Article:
Cinema Addict - 2483 Film Ratings
Member Since: Sep 29, 2008
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|75 48%||The Day of the Locust (1975) - Jun 25, 2020
"I appreciate how delicate the film treats its dual tones, being both caring and sympathetic to its array of characters in tinsel town, and yet also displaying a complete disdain to them and how they treat and interact with each other. This is unfortunately diluted by the film's length and insistence on many unnecessary scenes, though it's otherwise entertaining and dazzling in design and in its characters. The climactic sequence is certainly fucking something, isn't it?"
|79 59%||Da 5 Bloods (2020) - Jun 23, 2020
"A hugely flawed film that is hugely ambitious. Despite its big pacing issues and its cliches and its overwrought commentary tenuously linked to reality, this presents a humanistic tale that breaks borders of identity, despite this buried treasure acting as a metaphor for looming tensions between these two past adversaries. Astonishing filmmaking and performances that earnestly present these themes make this a very clunky film that's also beautiful and full of heart."
|87 85%||Luce (2019) - May 29, 2020
"A riveting and nuanced piece of post-Obama MeToo storytelling that regards prejudice and skepticism in an intelligent way that feels completely of its release year. For a film about accusations, it relishes in being an enigma, offering up the sort of questions and ambiguities that riddles our own lives. It approaches ideas about race that most contemporary films won't loiter nearby, giving us satisfaction and frustration over the messiness of truth-seeking."
|77 53%||Succession (2018) - May 29, 2020
"S1- An enjoyable exposé on the family of a media company, though with far, far more focus on the family side than the business side -- I'm okay with that, but it'd still be great to see more of them contending with the dying medium that is television. Does feel like it's a bit too smug about its brash dialogue and character mannerisms at times, though the last few episodes (which each felt very singular in their own concept/setting) kept this fresh for me."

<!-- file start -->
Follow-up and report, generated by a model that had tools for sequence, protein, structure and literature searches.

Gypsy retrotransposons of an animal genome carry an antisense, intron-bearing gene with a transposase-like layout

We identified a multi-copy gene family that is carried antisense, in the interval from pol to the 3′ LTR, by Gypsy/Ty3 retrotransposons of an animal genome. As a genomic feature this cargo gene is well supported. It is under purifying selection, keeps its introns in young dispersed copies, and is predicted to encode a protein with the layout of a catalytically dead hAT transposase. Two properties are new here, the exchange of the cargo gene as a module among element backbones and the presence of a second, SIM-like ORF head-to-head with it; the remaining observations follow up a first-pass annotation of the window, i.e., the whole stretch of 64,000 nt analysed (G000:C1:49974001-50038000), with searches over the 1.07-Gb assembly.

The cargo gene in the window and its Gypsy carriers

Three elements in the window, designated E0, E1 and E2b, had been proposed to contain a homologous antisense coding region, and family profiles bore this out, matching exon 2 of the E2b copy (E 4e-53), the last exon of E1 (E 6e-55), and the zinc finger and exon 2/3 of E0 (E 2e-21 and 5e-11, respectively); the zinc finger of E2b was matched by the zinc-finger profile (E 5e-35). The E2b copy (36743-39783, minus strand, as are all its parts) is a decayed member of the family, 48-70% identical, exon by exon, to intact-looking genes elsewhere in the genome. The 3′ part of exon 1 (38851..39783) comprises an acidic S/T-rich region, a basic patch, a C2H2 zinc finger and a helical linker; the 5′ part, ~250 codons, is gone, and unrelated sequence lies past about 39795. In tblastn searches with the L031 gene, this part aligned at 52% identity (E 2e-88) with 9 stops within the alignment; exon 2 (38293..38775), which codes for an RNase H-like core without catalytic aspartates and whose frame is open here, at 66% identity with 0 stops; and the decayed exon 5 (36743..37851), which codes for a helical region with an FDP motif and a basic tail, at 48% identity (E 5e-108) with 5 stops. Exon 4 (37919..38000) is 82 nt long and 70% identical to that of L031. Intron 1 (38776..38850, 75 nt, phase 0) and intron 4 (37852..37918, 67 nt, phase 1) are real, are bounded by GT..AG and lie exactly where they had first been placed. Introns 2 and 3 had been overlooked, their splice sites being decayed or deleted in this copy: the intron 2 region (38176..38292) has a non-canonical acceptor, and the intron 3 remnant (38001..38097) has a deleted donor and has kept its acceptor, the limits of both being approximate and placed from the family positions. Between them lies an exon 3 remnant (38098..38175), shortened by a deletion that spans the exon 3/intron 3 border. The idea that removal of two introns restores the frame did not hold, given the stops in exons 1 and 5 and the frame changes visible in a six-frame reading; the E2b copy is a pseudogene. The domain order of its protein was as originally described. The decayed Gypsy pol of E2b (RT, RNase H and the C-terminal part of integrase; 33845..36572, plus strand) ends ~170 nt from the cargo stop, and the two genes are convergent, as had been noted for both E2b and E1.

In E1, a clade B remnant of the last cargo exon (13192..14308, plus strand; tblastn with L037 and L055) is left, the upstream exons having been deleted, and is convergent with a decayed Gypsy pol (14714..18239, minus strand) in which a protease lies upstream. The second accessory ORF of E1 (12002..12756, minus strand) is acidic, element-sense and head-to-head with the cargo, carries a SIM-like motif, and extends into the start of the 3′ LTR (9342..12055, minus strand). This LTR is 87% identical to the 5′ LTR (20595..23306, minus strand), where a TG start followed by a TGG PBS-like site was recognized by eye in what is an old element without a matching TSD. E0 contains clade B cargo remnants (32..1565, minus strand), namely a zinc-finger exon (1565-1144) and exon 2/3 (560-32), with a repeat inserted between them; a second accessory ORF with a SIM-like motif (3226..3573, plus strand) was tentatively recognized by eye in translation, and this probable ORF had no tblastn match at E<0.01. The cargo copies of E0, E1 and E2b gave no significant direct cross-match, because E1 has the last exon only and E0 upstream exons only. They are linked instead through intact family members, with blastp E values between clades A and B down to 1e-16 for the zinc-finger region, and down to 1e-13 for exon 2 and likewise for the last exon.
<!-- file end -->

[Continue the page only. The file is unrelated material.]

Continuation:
|78 56%||Fat City (1972) - May 29, 2020
"Given the sloppy pacing of this, it's the individual scenes here that impress. The romance in particular is done well, it evolving in a realistic way that films rarely depict. Good ol' quiet American town depressed and broken dreams/loves kind of film."
|82 68%||The Gambler (1974) - May 29, 2020
"An assured character study, with Caan's Alex being a, if not likeable, then understandable person who we can just about root for, despite his grounded nature disrupted by his vice. The constant gambles made throughout all add up to a thoroughly tense climax -- I see Uncut Gems took a lot from this film."
|69 34%||Shaft (1971) - May 29, 2020
"Leads up to a great climax that slowly builds up pressure until it explodes out in excitement. Everything before it is merely serviceable -- Shaft is a pretty cool character and all, though the script/dialogue could've made him cooler or more engaged with his search and rescue. "
|83 72%||Marathon Man (1976) - May 29, 2020
"As it says on the poster -- "A thriller" -- and what a nightmarish paranoia thriller it is. The set-up is somewhat general, though with some great subtext of a certain recent historical atrocity and its aftermath in the US, but this thriller improves and becomes more thrilling as it goes, never holding back on how terrifying Babe's situation gets. "Is it safe?""
|69 34%||Jerry Seinfeld: 23 Hours to Kill (2020) - May 18, 2020
"I used to complain that Jerry was too monotone -- now he's too dramatic, yelling out a lot of material like he's Bill Burr. I guess he should be somewhere in the middle, but this is clearly not as good as the stand-up in his TV show, but the material and topics are still good."
|87 85%||Sincerely Louis CK (2020) - May 18, 2020
"A hell of a come-back, much better than his previous Netflix special -- he's retained his edge and his amusingly misplaced misanthropic anger, but he also masterfully handles the more personal topics in his set (the "sexual assault" cases, his mother dying, falling in love) and never allows the pathos to replace the comedy, but keeps them level as he can find great laughs out of just about any topic. Also, like Dave Chappelle (and unlike Brendan Schaub), he fits in an appropriate Asian accent."